Can Tetris Treat PTSD?
Can playing a computer game help treat post-traumatic stress disorder? That's what a new study suggests.
Post-traumatic stress disorder, or PTSD, is marked by vivid flashbacks of traumatic events that torture soldiers, rape victims and victims of other types of trauma. Emily Holmes of University of Oxford and her colleagues speculated that playing the computer game Tetris shortly after experiencing a trauma might help prevent the flashbacks. Since the mental images from the game are stored in the same parts of the brain as traumatic memories, the idea is that playing the game right after the trauma might prevent the traumatic memories from getting fixed in in the brain. They call the approach a "cognitive vaccine" that could "inoculate" people against flashbacks. Previous research had shown that there is a period of up to six hours in which it is possible to affect certain types of memories from being laid down in the brain.
So Holmes and her colleagues asked 40 healthy volunteers to watch a 12-minute film that included traumatic images of injuries from a variety of sources, including advertisements highlighting the dangers of drunken driving. After waiting 30 minutes, 20 of the volunteers played Tetris for 10 minutes while the other half did nothing. The popular video game involves moving colored building blocks around a computer screen; the researchers chose it because previous studies had shown that some players report experiencing visual images of the game after playing it. That suggested those images might prevent the traumatic images from getting implanted in the brain.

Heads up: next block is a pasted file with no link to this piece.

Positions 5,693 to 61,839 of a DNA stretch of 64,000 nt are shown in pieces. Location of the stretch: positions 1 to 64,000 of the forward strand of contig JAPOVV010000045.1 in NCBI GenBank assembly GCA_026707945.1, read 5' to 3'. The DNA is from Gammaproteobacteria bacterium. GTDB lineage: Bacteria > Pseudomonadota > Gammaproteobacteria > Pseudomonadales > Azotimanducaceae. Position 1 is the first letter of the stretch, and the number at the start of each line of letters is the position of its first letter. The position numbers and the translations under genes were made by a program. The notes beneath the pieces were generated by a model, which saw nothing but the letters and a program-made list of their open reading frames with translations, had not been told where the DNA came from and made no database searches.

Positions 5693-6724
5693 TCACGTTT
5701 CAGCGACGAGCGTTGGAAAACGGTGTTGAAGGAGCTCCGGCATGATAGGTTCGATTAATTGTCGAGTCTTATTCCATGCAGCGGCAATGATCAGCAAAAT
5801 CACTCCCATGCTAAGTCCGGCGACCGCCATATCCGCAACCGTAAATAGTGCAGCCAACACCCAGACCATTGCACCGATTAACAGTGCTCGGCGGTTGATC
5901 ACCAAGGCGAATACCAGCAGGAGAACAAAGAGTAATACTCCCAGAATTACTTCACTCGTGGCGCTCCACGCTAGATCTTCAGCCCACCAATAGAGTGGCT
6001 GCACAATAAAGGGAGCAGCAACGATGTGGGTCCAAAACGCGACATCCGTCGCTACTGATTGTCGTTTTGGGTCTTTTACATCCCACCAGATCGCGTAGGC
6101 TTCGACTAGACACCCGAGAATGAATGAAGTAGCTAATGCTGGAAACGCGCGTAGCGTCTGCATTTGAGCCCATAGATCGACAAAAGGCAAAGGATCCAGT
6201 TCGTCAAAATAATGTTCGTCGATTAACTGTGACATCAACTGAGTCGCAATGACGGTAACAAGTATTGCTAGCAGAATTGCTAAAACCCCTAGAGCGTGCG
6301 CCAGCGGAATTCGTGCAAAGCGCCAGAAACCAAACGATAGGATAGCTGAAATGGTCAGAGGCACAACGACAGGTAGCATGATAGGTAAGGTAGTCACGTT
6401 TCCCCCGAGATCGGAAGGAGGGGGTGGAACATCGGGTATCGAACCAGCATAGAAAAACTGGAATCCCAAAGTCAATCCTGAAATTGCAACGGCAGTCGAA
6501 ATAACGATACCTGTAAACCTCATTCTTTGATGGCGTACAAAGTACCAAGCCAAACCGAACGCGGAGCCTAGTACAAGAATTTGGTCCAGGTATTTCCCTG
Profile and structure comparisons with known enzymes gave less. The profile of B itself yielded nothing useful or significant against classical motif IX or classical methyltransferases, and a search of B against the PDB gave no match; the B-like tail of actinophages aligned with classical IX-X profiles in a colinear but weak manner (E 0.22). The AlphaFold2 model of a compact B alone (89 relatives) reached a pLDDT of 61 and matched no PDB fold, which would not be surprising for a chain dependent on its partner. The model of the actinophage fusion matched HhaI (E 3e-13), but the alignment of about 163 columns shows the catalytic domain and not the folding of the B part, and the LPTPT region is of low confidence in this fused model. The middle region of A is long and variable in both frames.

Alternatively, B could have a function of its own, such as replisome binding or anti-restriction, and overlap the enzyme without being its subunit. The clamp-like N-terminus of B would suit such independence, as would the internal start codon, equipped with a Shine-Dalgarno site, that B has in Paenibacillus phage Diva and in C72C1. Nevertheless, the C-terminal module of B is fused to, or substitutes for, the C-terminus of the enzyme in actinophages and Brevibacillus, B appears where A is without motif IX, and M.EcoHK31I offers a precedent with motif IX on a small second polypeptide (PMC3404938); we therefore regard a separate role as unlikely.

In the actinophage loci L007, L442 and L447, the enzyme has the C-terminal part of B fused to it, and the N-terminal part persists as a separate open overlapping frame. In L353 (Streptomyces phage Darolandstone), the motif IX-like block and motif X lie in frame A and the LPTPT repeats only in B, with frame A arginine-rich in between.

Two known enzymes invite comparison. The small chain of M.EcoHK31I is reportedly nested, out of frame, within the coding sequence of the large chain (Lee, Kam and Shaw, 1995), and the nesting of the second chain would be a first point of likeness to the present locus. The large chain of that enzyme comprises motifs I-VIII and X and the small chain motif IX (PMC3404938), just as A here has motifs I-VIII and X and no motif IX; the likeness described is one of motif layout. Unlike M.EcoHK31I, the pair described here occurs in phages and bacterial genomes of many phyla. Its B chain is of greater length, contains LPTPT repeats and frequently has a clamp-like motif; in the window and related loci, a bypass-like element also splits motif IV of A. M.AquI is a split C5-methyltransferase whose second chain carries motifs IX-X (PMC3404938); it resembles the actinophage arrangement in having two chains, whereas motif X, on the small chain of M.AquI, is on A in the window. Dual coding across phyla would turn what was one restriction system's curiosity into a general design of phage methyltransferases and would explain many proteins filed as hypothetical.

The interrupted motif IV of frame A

In fact, the researchers found that the study subjects who had played Tetris experienced significantly fewer flashbacks to the film over the next week than those who had not, the researchers reported yesterday in the scientific journal PLos One. In addition, those who played Tetris tested lower on a standardized test used to measure symptoms of trauma.
The researchers stress that the results are preliminary and need to be followed up with additional research. But if they are confirmed, they suggest that this may offer a new strategy for treating PTSD.
January 8, 2009; 7:00 AM ET
Categories: Mental Health
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